Shift and Consolidation: Thoughts on the Torah Portions Mishpatim and Terumah

Prior to returning to congregational life, I spent 5  years working for the Union for Reform Judaism. When I would go out and speak to congregations we had a common catch phrase that we would use often. A phrase with my Australian accent, but in fact, with any accent, you would have to say very carefully.

That phrase was: SHIFT HAPPENS. One thing we know about congregations, schools, institutions and events in our own lives, is that SHIFT HAPPENS. Shift is one of the few constants in our lives along with… well… death. And while shift is necessary for invigoration, renewal, innovation, it can also be incredibly disconcerting. SHIFT HAPPENS.

Over the last two weeks in the ever-moving stories of our Torah, the Israelites journey from Mitzrayim, narrow places – through the birth canal of the split Red Sea – into the openness of the Midbar, wilderness. Their lives shift immensely. All at once they crave boundaries, vision and stability. Quite a tall order! In Mishpatim, the boundaries begin as 53 laws are outlined. But these laws only inspire the need or want for even greater shift.

So…  At the end of Mishpatim, comes a WOW moment. A visionary moment.  Bring on the shifting sands of the wilderness! The final 9 verses outline a fabulous, fantastical mystical description.

In chapter 24  Moses, accompanied by Aaron and Aaron’s sons Nadab and Abihu and 70 of the Elders, journey up a mountain and there Yiru et Elohei Yisrael behold the God of Israel –  seeing under God’s feet pavement of sapphire like sky for purity.

They eat and drink.

The elders, Aaron and his sons, stay behind on the mountain, as Moses is beckoned by God to journey further.

At God’s behest, Moses enters into a cloud for 6 days and then continues up the mountain to receive the stone tablets, residing on the mountain for 40 days and 40 nights.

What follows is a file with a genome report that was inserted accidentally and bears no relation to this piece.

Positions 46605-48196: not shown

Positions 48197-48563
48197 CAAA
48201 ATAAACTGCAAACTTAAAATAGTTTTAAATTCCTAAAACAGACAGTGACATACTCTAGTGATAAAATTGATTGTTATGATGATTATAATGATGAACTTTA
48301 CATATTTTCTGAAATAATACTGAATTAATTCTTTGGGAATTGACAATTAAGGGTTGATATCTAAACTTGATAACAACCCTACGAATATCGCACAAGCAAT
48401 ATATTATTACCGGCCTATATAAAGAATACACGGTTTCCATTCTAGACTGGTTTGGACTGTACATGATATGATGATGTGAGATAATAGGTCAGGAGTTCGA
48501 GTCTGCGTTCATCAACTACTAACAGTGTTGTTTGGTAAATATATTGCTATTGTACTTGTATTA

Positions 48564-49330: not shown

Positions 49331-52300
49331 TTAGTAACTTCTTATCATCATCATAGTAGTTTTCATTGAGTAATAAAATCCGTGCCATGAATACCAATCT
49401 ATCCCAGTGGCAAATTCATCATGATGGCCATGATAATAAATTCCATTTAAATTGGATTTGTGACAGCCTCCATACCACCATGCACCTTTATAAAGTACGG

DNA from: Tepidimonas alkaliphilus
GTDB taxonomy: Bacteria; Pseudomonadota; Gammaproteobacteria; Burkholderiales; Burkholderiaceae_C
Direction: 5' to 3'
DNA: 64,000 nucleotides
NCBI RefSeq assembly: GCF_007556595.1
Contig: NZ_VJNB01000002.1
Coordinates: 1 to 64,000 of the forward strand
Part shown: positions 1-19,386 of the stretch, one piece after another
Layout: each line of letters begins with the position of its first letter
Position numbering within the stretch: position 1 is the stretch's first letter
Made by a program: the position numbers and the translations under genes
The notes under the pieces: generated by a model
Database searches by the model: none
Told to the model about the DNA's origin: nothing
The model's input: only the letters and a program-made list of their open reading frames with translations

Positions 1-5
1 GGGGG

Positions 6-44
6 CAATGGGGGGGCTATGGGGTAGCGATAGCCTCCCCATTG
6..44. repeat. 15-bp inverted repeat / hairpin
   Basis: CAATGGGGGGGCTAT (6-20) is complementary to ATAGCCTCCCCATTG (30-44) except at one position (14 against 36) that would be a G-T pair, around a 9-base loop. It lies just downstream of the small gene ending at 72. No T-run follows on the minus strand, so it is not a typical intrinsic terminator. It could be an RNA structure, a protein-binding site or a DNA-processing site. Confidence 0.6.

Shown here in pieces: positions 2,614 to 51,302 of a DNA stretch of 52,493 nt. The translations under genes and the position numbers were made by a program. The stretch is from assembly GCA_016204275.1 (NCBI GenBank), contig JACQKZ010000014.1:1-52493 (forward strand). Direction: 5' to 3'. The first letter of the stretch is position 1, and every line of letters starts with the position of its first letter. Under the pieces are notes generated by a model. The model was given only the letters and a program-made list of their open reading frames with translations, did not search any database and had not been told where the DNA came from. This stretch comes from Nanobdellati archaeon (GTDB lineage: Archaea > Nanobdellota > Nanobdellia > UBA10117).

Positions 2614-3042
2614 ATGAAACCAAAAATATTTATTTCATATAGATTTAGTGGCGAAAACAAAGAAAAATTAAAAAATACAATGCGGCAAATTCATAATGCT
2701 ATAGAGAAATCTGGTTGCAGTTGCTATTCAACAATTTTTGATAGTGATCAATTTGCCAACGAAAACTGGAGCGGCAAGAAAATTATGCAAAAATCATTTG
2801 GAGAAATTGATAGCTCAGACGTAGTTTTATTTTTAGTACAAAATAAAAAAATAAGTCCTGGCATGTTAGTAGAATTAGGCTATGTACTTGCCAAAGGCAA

Amidst all this, the Israelites stay at the mountain foot, perceiving God as a consuming fire atop the peak.

Here is a mystical vision which teaches us so much about how SHIFT HAPPENS.

Change happens in increments:

  • We have the introduction of Mishpatim, ideas, rules, as inspiration.
  • Then the journey of the leadership up the mountain.
  • An aha moment! When they see God.
  • A celebration of that moment.

Not everyone is in the same place  on this continuum of change:

  • Moses is in the cloud.
  • The future priesthood and Joshua outside the cloud.
  • The people are at the base of the mountain.

The process of change is awe inspiring but also very disconcerting.

Our Torah Portion Mishpatim, leaves us with this very cliff hanger. Spirituality. Awe. Intangibility. Uncertainty. Shift. We wonder where will the journey of change lead? Can we keep up this momentum of spiritual growth as a people? What will the next steps be?

And for that we have to wait for our Torah portion Terumah….

Terumah and the Torah narrative bring us back down to earth.

God tells the Israelite people: Asu Li Mikdash V’Shachanti B’tocham Make Me a sanctuary that I may dwell among them.  We are told what items to bring to build the Mishkan, the Tabernacle.

God’s presence will no longer be “up there” in a vision, but felt concretely in the Mishkan in the middle of the camp. The vision will be given earthly roots and we will be involved in its creation and implementation as we stabilize the vision amidst us.